Democrats’ Scheme to Win the Midterms
They’ve gerrymandered several states to make retaining their House majority considerably easier.
Remember when Democrats lost nearly 70 congressional seats and more than 900 state legislative seats in 2010? Those seats cost them the power of redistricting and made winning elections a little bit harder for a whole decade. Thanks, Obama. Well, they certainly learned their lesson — that they need to do a better job rigging elections.
We’re not even talking about their failed attempt in 2016 or their successful one in 2020, but rather their efforts for 2022 and beyond.
Democrats are scheming to stave off defeat in the exceptionally unpopular Joe Biden’s first midterms, hoping to hold onto the House in particular. The Senate, by the way, features 34 seats in play, and 20 of those are held by Republicans, meaning this isn’t going to be the walk in the park some conservatives seem to think is a foregone conclusion. Besides, 10 months is a long time, especially if Biden pivots on COVID, inflation stabilizes, and he takes credit for some winning strategy with Russia.
All that aside, Democrats are putting in place some of the pieces they need. One such piece is redistricting in New York, where the state will lose one seat overall after the census, and state Democrats just unveiled their proposed congressional map. “The proposed map creates 20 Democratic-leaning seats and only four Republican-leaning seats and two highly competitive seats (both of which tilt toward Democrats themselves),” according to FiveThirtyEight. “This is an increase of three Democratic-leaning seats, a decrease of three Republican-leaning seats and a decrease of one highly competitive seat from the old map.” The more accurate framing is that the GOP could drop from eight seats to just four.
That is if Democrats succeed. It’s not a done deal and the New York GOP is looking for “legal options.” “Democrats are circumventing the will of the people,” said State Republican Party Chairman Nick Langworthy. “For all of their phony protestations about transparency and fairness in elections, what they’re doing is textbook filthy, partisan gerrymandering that is clearly in violation of the New York State Constitution.”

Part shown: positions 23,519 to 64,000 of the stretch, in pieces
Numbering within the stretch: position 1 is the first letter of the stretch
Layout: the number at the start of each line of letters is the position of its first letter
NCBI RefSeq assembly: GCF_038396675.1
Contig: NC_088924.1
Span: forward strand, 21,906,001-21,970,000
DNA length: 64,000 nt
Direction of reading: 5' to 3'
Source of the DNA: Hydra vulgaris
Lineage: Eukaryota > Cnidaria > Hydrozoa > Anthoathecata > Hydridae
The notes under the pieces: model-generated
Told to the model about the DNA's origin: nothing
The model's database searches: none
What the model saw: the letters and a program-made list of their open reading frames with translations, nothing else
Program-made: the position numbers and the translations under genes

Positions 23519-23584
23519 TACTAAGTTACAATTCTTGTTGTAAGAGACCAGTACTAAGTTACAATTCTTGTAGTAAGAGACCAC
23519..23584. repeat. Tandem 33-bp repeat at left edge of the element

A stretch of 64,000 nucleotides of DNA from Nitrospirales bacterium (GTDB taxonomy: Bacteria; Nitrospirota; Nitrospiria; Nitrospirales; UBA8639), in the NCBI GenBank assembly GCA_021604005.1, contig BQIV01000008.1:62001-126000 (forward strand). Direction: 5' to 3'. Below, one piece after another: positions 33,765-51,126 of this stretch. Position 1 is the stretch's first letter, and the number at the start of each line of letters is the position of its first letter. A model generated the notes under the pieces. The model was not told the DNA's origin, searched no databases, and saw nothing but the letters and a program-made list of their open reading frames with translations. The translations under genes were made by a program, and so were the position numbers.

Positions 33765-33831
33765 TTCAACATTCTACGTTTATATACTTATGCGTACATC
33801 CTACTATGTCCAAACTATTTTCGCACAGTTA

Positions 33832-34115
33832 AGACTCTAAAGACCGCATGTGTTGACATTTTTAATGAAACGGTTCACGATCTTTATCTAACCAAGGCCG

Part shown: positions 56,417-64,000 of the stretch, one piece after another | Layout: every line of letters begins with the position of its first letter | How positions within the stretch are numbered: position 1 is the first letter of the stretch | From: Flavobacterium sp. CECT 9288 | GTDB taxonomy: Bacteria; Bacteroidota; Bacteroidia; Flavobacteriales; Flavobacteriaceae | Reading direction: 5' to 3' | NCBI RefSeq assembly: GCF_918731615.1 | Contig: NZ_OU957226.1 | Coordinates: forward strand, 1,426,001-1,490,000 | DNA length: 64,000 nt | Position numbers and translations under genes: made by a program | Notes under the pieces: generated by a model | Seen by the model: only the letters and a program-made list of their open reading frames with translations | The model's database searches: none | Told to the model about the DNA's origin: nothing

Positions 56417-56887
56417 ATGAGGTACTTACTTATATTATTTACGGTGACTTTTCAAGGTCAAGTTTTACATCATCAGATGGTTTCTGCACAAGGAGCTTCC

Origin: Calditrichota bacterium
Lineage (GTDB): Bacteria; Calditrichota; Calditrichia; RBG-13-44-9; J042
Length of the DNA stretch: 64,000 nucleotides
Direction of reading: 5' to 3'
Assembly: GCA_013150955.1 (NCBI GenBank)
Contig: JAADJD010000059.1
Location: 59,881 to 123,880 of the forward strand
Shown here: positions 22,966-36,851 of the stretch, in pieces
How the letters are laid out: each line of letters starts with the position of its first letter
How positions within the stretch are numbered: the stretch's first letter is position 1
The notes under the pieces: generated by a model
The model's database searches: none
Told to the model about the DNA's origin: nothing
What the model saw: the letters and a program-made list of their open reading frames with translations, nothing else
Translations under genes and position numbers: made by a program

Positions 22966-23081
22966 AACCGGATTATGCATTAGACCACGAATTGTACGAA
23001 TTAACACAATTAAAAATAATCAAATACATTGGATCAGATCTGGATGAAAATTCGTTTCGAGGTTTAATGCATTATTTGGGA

For the record, gerrymandering is a bipartisan sport, and it’s often pretty ugly.
Even if Republicans fail, three or four seats in a big blue state is no big deal, right? Wrong. The Democrats’ current House majority is only 10 seats (with one Republican vacancy). Republicans need to flip just five seats, but New York Democrats winning three or four additional seats gives 81-year-old Nancy Pelosi a much higher chance of hanging onto the speaker’s gavel.
That’s even more so because New York isn’t alone. “Redistricting was expected to cost Democrats several seats nationwide this year, but aggressive Democratic gerrymanders in California, Illinois, New Jersey and elsewhere mean they may break even nationwide or even gain a slight edge,” says The Wall Street Journal. “GOP legislators this year have tended to shore up their suburban districts in states like Texas, rather than try to carve up Democratic seats and go for a bigger advantage. The loser is political competition, not Democrats. The most aggressive GOP gerrymanders, as in Ohio and North Carolina, may be overturned by courts.”
Both parties want to win, and they want rules they think favor their party. Democrats just happen to be the more shameless party. That’s why they’ve made their phony call for “voting rights” legislation in Congress a key plank in their agenda. “Voting rights” is, of course, Democrat code for tilting the game heavily in their favor. And if they gerrymander their way to victory in the House while hanging onto the Senate, all bets are off.
And yet there’s one key factor for Republicans: Donald Trump currently has more campaign cash than the RNC and DNC … combined.
Update 2/3: On Wednesday, the Democrat-controlled New York legislature passed the Democrat plan to elect more Democrats. Surprise!
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